You can't just throw that "1/2" onto the a^2 and the b^2. That would get you a totally different answer.

      I hope this helped.
      (7 votes)
  • starky ultimate style avatar for user Sirus Cline
    Is there any theorems for the other types of triangles (scalene, equalateral) like there is the Pythagorean theorem?
    (2 votes)
    Default Khan Academy avatar avatar for user
  • hopper cool style avatar for user Himanshu Rana
    is Pythagoras theorem is the root of trigonometry?
    why is there a need for Pythagoras theorem?
    (3 votes)
    Default Khan Academy avatar avatar for user
    • mr pink green style avatar for user David Severin
      In a sense, creation of the unit circle is based on the Pythagorean theorem, but it you have a right angle and the measure of two sides without knowing the angles, the Pythagorean theorem is the quickest way of finding the third side (and most accurate) without having to go through trig functions to find angles.
      (4 votes)
  • leafers ultimate style avatar for user Mr. Young
    Why is the answer given as 6√3 instead of 10.4? It requires that you round it, but I was just wondering if, on a test for instance, one is a 'better' answer than the other.
    (3 votes)
    Default Khan Academy avatar avatar for user

Video transcript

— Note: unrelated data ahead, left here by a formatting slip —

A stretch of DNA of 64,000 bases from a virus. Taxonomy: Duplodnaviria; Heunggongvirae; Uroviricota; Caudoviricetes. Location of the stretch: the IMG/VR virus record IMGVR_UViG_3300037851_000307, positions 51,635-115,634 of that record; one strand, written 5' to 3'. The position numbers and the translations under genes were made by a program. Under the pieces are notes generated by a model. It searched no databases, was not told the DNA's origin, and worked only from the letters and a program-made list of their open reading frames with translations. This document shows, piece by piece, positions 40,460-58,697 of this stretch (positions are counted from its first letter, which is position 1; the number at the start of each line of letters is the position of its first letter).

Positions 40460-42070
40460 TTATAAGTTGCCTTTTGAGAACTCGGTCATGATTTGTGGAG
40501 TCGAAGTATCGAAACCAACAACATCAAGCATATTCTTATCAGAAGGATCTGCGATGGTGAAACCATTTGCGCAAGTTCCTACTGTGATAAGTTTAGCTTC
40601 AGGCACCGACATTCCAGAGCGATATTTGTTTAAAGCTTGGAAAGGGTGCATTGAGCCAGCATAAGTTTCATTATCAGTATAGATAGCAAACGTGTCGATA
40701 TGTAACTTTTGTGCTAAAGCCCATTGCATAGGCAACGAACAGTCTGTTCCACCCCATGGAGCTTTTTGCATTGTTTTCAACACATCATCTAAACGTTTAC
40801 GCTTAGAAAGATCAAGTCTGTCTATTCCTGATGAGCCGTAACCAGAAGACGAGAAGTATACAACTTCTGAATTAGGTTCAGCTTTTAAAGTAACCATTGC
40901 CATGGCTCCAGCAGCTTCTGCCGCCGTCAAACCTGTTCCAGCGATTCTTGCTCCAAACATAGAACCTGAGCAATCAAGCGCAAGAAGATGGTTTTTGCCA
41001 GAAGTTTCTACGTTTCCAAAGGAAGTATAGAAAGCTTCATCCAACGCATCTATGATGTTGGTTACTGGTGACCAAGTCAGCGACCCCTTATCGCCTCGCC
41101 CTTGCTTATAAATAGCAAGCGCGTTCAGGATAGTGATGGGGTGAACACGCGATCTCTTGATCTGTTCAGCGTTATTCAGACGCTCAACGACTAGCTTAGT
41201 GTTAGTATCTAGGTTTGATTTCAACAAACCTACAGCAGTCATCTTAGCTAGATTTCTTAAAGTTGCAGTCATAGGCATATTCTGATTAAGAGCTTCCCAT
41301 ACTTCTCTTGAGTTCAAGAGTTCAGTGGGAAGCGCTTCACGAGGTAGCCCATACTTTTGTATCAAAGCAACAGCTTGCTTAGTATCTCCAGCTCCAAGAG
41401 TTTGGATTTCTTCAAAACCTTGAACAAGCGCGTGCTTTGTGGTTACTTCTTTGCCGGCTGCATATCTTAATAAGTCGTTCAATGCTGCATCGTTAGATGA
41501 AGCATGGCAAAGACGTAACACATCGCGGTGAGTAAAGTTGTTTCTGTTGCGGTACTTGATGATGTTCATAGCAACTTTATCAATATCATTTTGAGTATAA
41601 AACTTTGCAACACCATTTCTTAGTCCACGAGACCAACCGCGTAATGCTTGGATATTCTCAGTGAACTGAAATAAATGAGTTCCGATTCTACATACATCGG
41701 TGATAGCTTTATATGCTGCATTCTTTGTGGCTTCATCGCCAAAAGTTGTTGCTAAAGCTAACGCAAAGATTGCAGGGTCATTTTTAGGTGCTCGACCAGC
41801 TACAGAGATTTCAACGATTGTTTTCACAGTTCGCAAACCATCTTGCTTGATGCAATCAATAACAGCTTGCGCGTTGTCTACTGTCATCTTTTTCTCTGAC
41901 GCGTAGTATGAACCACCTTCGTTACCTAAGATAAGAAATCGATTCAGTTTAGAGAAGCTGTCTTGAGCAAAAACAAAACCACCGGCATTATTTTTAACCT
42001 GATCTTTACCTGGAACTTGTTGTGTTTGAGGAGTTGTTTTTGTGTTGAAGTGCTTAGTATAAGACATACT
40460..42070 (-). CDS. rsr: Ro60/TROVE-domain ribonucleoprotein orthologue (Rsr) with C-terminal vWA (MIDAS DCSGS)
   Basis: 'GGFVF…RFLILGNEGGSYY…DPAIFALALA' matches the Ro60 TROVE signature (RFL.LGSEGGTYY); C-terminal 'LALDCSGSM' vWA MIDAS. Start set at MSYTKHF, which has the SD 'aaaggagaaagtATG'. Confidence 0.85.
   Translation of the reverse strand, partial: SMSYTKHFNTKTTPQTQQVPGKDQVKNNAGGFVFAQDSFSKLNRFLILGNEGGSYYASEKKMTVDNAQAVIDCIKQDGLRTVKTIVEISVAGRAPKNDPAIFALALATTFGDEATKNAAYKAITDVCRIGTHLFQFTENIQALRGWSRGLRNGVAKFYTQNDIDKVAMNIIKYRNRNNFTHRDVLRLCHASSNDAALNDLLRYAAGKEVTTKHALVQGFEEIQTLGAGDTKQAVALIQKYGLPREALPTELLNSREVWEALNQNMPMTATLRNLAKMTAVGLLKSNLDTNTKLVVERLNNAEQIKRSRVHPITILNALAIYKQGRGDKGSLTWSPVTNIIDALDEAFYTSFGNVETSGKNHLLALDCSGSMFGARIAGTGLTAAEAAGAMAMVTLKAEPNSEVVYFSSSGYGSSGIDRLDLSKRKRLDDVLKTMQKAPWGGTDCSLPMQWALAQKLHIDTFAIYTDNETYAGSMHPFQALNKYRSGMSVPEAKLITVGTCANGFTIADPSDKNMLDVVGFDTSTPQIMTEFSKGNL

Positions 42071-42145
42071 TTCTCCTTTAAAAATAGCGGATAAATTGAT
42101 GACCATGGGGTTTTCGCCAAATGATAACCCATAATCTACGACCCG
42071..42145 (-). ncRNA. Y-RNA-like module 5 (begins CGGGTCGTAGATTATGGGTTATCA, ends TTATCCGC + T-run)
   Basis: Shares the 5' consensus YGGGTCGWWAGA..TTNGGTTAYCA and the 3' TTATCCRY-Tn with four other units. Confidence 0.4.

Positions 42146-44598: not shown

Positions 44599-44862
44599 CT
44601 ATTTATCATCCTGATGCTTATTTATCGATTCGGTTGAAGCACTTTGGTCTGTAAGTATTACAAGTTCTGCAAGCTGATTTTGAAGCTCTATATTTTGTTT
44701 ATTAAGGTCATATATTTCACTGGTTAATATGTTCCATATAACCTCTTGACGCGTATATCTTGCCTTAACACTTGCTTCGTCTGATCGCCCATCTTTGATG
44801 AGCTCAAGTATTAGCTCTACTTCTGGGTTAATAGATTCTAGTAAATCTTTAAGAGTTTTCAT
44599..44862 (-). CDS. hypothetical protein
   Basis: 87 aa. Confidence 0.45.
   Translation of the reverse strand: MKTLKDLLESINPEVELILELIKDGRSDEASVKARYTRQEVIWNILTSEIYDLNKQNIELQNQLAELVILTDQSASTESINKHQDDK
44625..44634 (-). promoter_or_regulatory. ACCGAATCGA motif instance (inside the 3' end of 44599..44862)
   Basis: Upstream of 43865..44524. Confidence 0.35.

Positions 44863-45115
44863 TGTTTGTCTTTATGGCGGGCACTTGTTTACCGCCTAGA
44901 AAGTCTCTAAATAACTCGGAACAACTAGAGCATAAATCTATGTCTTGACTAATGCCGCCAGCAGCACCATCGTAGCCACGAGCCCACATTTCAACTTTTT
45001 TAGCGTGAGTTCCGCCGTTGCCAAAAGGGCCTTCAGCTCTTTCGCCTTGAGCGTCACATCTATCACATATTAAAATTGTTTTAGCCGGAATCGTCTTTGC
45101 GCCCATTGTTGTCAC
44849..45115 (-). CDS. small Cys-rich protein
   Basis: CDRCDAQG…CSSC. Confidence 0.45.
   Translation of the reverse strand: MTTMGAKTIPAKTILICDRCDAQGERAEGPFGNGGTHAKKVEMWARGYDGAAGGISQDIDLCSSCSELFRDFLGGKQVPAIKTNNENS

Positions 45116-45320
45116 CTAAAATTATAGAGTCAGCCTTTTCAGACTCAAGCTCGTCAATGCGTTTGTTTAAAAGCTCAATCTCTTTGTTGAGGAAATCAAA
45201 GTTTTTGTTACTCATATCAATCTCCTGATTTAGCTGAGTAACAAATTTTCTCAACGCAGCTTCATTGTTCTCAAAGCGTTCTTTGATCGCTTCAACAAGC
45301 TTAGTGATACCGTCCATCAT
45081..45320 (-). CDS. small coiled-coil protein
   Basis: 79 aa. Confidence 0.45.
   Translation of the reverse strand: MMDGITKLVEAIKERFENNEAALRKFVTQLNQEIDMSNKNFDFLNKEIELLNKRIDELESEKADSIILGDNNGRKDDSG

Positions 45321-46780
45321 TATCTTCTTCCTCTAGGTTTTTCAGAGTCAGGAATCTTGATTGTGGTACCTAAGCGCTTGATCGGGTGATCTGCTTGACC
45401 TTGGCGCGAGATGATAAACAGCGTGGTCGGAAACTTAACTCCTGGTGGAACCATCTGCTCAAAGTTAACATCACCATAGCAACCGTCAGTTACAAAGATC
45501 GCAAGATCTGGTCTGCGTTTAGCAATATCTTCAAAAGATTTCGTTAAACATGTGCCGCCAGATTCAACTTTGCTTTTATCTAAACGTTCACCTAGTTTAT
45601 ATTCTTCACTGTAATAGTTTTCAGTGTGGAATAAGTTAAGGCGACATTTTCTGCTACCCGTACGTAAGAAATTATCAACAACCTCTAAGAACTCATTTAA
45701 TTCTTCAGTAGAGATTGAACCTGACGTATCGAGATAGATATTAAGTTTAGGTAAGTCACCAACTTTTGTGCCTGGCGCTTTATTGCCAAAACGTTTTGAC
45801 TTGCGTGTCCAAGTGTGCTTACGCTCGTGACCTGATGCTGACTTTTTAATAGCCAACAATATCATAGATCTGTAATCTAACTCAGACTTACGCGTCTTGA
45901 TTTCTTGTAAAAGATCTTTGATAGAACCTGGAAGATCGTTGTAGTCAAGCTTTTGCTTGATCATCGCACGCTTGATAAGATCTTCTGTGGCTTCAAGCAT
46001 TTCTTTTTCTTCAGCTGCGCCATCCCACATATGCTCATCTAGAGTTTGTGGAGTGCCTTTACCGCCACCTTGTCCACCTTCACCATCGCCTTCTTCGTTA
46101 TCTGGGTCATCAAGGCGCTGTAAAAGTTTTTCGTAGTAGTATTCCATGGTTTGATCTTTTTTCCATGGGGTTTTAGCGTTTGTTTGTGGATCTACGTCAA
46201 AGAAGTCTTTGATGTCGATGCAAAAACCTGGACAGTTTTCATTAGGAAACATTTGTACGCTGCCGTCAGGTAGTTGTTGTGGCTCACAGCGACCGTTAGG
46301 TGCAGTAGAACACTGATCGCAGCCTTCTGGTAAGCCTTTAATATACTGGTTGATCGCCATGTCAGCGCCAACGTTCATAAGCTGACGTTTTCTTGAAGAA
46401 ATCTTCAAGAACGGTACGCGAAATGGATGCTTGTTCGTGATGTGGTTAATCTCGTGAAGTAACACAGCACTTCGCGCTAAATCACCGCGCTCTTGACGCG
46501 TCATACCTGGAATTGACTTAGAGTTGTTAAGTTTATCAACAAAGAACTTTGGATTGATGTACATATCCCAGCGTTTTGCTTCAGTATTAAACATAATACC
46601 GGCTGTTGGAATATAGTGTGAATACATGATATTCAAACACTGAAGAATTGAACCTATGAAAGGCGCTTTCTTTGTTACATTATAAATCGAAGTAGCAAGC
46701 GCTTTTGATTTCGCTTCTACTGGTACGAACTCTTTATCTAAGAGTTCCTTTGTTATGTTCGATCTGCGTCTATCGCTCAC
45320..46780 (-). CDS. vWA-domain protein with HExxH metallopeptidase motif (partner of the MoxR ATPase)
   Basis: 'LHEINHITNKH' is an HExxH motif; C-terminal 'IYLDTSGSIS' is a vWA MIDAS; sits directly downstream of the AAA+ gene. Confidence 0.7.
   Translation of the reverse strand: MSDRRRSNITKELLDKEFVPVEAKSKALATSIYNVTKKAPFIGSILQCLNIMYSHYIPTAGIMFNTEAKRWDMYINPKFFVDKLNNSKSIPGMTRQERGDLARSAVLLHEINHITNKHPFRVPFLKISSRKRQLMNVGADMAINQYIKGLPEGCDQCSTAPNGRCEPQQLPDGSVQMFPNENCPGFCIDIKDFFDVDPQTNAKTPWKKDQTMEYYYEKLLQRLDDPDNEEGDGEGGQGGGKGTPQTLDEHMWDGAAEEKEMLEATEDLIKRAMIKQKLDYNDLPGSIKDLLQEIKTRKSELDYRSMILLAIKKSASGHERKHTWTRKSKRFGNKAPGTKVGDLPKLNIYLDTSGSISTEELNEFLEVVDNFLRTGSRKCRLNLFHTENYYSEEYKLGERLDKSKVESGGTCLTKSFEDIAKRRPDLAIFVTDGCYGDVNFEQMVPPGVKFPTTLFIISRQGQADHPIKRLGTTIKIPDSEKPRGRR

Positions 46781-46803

The main mast of a fishing boat is supported by a sturdy rope that extends from the top of the mast to the deck. If the mast is 20 feet tall and the rope attaches to the deck 15 feet away from the base of the mast, how long is the rope? So let's draw ourselves a boat and make sure we understand what the deck and the mast and all of that is. So let me draw a boat. I'll start with yellow. So let's say that this is my boat. That is the deck of the boat. And the boat might look something like this. It's a sailing boat. This is the water down here. And then the mast is the thing that holds up the sail. So let me draw ourselves a mast. And they say the mast is 20 feet tall. So this distance right here is 20 feet. That is what is holding up the sail. I can draw it as a pole so it's a little bit clearer. Even shade it in if we like. And then they say a rope attaches to the deck 15 feet away from the base of the mast. So this is the base of the mast. This is the deck right here. The rope attaches 15 feet away from the base of the mast. So if this is the base of the mast, we go 15 feet, might be about that distance right there. Let me mark that. And the rope attaches right here. From the top of the mast all the way that base. So the rope goes like that. And then they ask us, how long is the rope? So there's a few things you might realize. We're dealing with a triangle here. And it's not any triangle. We're assuming that the mast goes straight up and that the deck is straight left and right. So this is a right triangle. This is a 90 degree angle right here. And we know that, if we know two sides of a right triangle, we can always figure out the third side of a right triangle using the Pythagorean theorem. And all that tells us is it the sum of the squares of the shorter sides of the triangle are going to be equal to the square of the longer side. And that longer side is call the hypotenuse. And in all cases, the hypotenuse is the side opposite the 90 degree angle. It is always going to be the longest side of our right triangle. So we need to figure out the hypotenuse here. We know the lengths of the two shorter sides. So we can see that if we take 15 squared, that's one of the short sides, I'm squaring it. And then add that to the square of the other shorter side, to 20 feet squared. And when I say the shorter side, I mean relative to the hypotenuse. The hypotenuse will always be the longest side. Let's say the hypotenuse is in green just so we get our color coding nice. That is going to be equal to the rope squared. Or the length of the rope. Let's call this distance right here r. r for rope. So 15 squared plus 20 squared is going to be equal to r squared. And what's 15 squared? It's 225. 20 squared is 400. And that's going to be equal to r squared. Now 225 plus 400 is 625. 625 is equal to r squared. And then we can take the principal root of both sides of this equation. Because we're talking about distances, we want the positive square root. So you take the positive square root, or the principal root, of both sides of this equation. And you are left with r is equal to the square root of 625. You can play with it a little bit if you like. But if you've ever played with numbers around 25, you'll see that this is 25 squared. So r is equal to the square root of 625, which is 25. So this distance right here, the length of the rope, is equal to 25 feet.